[Histonet] Eosin too pink
Luck, Greg D.
LuckG <@t> empirehealth.org
Fri Jan 13 14:20:11 CST 2006
We use an 80% alcohol station immediately after the Eosin to
accomplish a similar result. It's easy and consistent.
From: Monfils, Paul [mailto:PMonfils <@t> Lifespan.org]
Sent: Friday, January 13, 2006 12:04 PM
To: 'histonet <@t> lists.utsouthwestern.edu'
Subject: RE: [Histonet] Eosin too pink
You can try rinsing the slides in tap water after staining, as
someone already suggested. However , the pH of tap water differs
considerably from one locality to another. If your tap water is slightly
acidic it won't differentiate eosin at all. If it is very slightly basic (pH
7.1-7.2) you may be able to use it to remove excess eosin at a more or less
controlled rate, and will have to experiment to determine the optimum time
of exposure. But if your tap water is more strongly basic it may remove
eosin so quickly that the differentiation is difficult to control, and
uneven differentiation is likely to occur. I would feel safer using 95%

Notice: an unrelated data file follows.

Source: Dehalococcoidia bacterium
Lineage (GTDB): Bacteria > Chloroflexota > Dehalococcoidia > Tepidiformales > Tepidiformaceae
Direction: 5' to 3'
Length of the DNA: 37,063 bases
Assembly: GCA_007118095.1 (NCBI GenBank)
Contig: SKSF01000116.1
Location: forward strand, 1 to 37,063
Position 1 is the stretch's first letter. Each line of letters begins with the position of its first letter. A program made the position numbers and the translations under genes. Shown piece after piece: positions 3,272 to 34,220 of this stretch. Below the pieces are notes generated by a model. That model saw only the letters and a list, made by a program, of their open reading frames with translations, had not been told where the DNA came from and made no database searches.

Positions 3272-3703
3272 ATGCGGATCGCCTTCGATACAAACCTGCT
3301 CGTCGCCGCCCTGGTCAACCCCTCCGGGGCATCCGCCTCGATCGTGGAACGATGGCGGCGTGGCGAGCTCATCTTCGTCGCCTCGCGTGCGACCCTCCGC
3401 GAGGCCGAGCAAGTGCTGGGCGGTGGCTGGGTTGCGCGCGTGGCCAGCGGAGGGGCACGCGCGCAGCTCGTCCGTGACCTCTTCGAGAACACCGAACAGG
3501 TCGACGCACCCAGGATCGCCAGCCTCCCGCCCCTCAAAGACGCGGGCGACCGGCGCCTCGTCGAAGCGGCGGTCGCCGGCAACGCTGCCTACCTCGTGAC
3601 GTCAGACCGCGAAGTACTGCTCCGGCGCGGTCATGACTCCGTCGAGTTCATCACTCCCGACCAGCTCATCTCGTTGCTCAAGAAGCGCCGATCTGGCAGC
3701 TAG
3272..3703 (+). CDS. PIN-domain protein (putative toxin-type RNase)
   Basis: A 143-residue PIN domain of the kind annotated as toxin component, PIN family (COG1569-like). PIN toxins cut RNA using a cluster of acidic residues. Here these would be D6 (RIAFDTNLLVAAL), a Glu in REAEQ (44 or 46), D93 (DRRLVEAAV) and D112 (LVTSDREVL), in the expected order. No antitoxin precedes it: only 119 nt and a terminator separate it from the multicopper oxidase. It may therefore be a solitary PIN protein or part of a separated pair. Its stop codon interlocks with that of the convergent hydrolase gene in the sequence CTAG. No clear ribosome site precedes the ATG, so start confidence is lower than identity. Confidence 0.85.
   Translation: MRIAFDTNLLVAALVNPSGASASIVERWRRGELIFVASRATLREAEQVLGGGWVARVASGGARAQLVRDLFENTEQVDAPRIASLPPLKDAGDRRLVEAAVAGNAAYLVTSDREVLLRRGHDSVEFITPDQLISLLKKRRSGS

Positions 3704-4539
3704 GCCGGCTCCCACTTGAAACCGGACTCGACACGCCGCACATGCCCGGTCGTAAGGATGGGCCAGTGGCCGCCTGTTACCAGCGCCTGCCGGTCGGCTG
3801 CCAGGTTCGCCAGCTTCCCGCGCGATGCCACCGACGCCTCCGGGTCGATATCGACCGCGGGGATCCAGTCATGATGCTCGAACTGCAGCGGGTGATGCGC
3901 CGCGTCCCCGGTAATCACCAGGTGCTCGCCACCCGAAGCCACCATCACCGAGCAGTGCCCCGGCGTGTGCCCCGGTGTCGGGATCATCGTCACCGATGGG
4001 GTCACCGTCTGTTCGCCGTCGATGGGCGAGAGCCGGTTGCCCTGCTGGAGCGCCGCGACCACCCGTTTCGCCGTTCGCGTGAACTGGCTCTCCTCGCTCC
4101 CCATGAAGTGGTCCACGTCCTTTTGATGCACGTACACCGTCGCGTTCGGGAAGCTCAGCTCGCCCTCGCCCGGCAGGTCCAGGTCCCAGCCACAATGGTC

ethanol to partially extract eosin from overstained tissues. Eosin
dissolves out of tissue fairly quickly in 95% ethanol, but very slowly in
100% ethanol. In any such differentiation procedure the rack of slides
should be frequently agitated in the solvent to ensure evenness of
extraction throughout the section.
That having been said, if I were in your position I wouldn't think
in terms of correcting the overstaining, but preventing it. An extremely
short staining time is likely to cause uneven staining (remember, the eosin
has to extract the previous solvent, whether water or alcohol, from the
tissue before it can get into the tissue and stain it). I would try
diluting the eosin, using whatever solvent it is made with, until the
desired intensity of staining can be achieved in a normal time period.
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